Tuesday, October 26, 2010

Investing Social Security Funds arises from the Dead (Just in time for Halloween?)

Today I was listening to the radio and a story came up stating that Andy Stern, former President of SEIU (the state employees union), suggested that in order to keep Social Security solvent, a portion should be "invested" into the stock market.  So I looked for the story and sure enough it is found on the Huffington Post here.  (Okay the article is from the end of June, but I heard it today, hence the Halloween reference.)

As mentioned in the article, this idea was once proposed in the Clinton Administration.  This idea was bad then and it is bad now.  Fortunately in May 1999, I wrote an article on the dangers of "investing" Social Security funds into the stock market.  That article, "A Socialist Stock Market?" is found here.

Here are a few paragraphs...

Murray Rothbard once asked Ludwig von Mises at what point on the spectrum of statism can a country be designated as "socialist." To his surprise, Mises said that there was, indeed, a clear-cut delineation: the stock market.

Mises said, "A stock market is crucial to the existence of capitalism and private property. For it means that there is a functioning market in the exchange of private titles to the means of production. There can be no genuine private ownership of capital without a stock market: there can be no true socialism if such a market is allowed to exist."

A corollary to this idea is that if the government is allowed to "invest" in the stock market, then the economy can no longer be called market-based. President Clinton has proposed a plan to use up to one-fourth of new Social Security funds to buy shares in our stock markets. The danger of this plan may not be as obvious as his previous health-care plan, but they are just as serious. The justification for this argument is that the Social Security system is unstable and will face financial strains in about 2014 and will be exhausted by 2032. There are a few options that the Washington elite have deemed as "solutions." Most of these ideas are politically unpalatable. The first is an increase in taxes. Over time, the needs of the Social Security fund will be so high that it will stifle the entire economy. There have been some projections showing FICA taxes as high as 82 percent in forty years.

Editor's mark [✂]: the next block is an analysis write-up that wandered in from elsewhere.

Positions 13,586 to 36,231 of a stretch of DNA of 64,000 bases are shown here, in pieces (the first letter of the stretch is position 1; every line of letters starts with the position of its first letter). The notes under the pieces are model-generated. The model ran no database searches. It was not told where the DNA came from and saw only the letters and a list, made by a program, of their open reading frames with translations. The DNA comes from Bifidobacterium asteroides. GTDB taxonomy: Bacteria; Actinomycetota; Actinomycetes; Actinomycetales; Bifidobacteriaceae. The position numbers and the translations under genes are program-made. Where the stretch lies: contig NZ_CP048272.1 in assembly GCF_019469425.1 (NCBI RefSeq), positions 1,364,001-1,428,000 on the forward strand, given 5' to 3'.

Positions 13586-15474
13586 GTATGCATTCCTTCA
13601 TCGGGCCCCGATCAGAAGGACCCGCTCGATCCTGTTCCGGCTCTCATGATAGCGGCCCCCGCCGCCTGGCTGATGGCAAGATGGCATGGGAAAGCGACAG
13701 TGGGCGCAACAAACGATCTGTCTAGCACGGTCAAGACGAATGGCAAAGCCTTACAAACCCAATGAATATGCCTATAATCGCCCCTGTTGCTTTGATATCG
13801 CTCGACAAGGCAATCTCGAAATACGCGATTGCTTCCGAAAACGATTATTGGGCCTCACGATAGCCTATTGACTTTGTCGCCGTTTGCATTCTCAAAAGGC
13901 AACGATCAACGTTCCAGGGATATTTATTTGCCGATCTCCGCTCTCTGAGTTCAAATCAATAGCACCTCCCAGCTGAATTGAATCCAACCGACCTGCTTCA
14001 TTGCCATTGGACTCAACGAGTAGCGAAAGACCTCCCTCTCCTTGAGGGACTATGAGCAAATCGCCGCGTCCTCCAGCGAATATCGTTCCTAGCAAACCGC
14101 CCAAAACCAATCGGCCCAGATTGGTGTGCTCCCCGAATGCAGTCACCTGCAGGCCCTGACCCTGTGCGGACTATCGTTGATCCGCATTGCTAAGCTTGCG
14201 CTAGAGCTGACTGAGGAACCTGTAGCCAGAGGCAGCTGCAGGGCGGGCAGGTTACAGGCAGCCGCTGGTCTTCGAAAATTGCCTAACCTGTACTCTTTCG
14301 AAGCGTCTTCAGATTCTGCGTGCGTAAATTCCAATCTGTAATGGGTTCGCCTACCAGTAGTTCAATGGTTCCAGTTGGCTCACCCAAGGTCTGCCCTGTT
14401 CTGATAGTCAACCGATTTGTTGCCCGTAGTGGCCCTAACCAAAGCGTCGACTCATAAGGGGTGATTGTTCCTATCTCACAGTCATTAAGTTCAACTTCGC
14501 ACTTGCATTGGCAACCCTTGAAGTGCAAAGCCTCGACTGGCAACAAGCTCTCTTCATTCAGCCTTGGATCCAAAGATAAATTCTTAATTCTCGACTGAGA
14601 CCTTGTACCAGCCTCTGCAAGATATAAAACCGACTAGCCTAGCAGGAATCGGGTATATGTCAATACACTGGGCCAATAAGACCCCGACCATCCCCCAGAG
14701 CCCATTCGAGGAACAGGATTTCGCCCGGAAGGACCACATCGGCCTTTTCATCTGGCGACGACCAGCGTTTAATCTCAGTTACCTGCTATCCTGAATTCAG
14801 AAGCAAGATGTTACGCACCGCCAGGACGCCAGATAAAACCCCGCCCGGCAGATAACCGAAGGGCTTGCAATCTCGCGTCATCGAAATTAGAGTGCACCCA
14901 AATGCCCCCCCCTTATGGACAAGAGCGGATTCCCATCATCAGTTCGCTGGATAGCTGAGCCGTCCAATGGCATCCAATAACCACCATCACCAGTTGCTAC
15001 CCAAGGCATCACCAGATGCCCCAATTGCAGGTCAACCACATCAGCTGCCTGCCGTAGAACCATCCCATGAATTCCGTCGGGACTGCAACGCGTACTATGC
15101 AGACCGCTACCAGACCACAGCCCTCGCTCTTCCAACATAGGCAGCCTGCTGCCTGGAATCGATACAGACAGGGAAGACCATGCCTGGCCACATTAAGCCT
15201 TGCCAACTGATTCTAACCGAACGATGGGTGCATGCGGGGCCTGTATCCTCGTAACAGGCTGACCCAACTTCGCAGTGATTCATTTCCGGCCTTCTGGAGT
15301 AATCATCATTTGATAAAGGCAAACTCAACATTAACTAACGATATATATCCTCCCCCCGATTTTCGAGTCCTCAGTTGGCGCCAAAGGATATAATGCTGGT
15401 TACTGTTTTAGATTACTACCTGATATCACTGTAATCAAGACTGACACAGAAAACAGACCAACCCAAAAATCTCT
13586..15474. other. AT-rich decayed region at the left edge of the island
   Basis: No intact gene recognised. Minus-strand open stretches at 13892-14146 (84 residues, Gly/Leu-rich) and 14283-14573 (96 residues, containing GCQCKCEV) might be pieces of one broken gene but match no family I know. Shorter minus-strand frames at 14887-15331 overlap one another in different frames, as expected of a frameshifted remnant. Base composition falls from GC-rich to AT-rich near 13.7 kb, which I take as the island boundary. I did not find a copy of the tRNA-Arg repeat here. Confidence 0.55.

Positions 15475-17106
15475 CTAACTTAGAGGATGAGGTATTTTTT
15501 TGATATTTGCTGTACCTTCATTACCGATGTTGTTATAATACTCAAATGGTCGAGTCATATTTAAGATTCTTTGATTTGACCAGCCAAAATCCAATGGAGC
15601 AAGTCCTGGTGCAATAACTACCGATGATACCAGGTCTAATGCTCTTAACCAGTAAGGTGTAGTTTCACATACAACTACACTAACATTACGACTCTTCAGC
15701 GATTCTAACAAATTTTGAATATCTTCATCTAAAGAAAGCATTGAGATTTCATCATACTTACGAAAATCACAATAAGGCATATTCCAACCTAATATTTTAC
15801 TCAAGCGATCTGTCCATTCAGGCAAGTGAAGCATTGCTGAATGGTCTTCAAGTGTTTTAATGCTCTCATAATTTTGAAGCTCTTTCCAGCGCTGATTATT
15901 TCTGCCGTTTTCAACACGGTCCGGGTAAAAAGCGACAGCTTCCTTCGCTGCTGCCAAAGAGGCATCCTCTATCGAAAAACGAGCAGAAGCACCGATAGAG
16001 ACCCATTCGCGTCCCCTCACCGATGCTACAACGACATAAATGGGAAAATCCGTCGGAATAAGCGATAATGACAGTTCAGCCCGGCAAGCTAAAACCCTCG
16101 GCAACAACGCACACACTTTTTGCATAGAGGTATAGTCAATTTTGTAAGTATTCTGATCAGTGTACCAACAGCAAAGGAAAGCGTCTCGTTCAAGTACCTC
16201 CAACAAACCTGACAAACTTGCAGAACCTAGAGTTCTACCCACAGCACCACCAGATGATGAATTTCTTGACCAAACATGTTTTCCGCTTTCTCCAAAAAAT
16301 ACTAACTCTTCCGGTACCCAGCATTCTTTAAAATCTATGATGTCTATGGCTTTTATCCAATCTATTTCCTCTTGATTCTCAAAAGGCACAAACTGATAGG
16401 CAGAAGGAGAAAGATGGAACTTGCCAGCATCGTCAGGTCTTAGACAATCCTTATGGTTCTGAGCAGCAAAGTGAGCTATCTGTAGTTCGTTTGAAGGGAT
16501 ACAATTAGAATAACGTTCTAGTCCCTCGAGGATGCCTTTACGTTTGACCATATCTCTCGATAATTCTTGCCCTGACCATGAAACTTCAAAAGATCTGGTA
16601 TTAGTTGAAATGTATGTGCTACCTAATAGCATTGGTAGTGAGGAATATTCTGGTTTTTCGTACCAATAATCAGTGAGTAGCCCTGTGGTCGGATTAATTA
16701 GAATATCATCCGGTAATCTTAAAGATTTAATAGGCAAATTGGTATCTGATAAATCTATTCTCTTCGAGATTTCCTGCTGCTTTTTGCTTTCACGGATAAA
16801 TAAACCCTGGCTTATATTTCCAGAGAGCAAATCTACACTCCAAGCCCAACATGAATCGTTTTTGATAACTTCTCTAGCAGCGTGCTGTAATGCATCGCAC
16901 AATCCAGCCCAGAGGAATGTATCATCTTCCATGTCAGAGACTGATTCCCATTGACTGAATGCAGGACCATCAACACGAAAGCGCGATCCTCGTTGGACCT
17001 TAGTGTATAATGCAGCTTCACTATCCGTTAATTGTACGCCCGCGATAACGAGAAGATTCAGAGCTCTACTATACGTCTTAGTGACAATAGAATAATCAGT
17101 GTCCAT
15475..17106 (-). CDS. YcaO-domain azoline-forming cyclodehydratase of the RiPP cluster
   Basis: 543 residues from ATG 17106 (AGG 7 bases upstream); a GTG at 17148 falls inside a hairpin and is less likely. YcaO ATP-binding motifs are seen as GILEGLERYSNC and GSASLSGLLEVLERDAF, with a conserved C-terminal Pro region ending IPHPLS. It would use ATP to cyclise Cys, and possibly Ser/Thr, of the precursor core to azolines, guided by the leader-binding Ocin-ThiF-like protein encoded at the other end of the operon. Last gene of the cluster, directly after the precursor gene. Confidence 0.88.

The second option is to reduce the "benefits" being paid out by the fund. This action is also politically unacceptable. The third alternative is to somehow increase the rate of return on the current surpluses to cover the future. The thinking in the Clinton administration is simplistic at best. The plan assumes (wagers) that the stock market will continue to increase (forever) at rates high enough to meet the projected needs.

The fundamental problem that the Clinton administration ignores is that the Social Security program is based on what is called a Ponzi Game or a pyramid scheme. You have probably seen this if you've ever received a chain letter that states, "Send money to the first five people on the list, remove the first person's name, and place yours at the bottom." In other words, the first people in the program (those at the top of the pyramid) are currently getting money from the new people enrolling (those who are at the lower stages of the pyramid).

Social Security works in the same way. Those who are retired are receiving money from those who are currently working. As long as the base of the pyramid is expanding at a geometric rate, the system will continue to function. However, U.S. demographics show that after the baby-boom generation, the base of the pyramid shrinks. It is mathematically impossible to continue the Social Security program indefinitely.

The best solution is to phase out the Social Security program by taking two steps.

The rest of the article is found here: http://mises.org/freemarket_detail.aspx?control=27.


Financial Facade said...

If only our elected officials would use basic common sense and a little reasoning from time to time, But I think that may be to much wishful thinking on my part.

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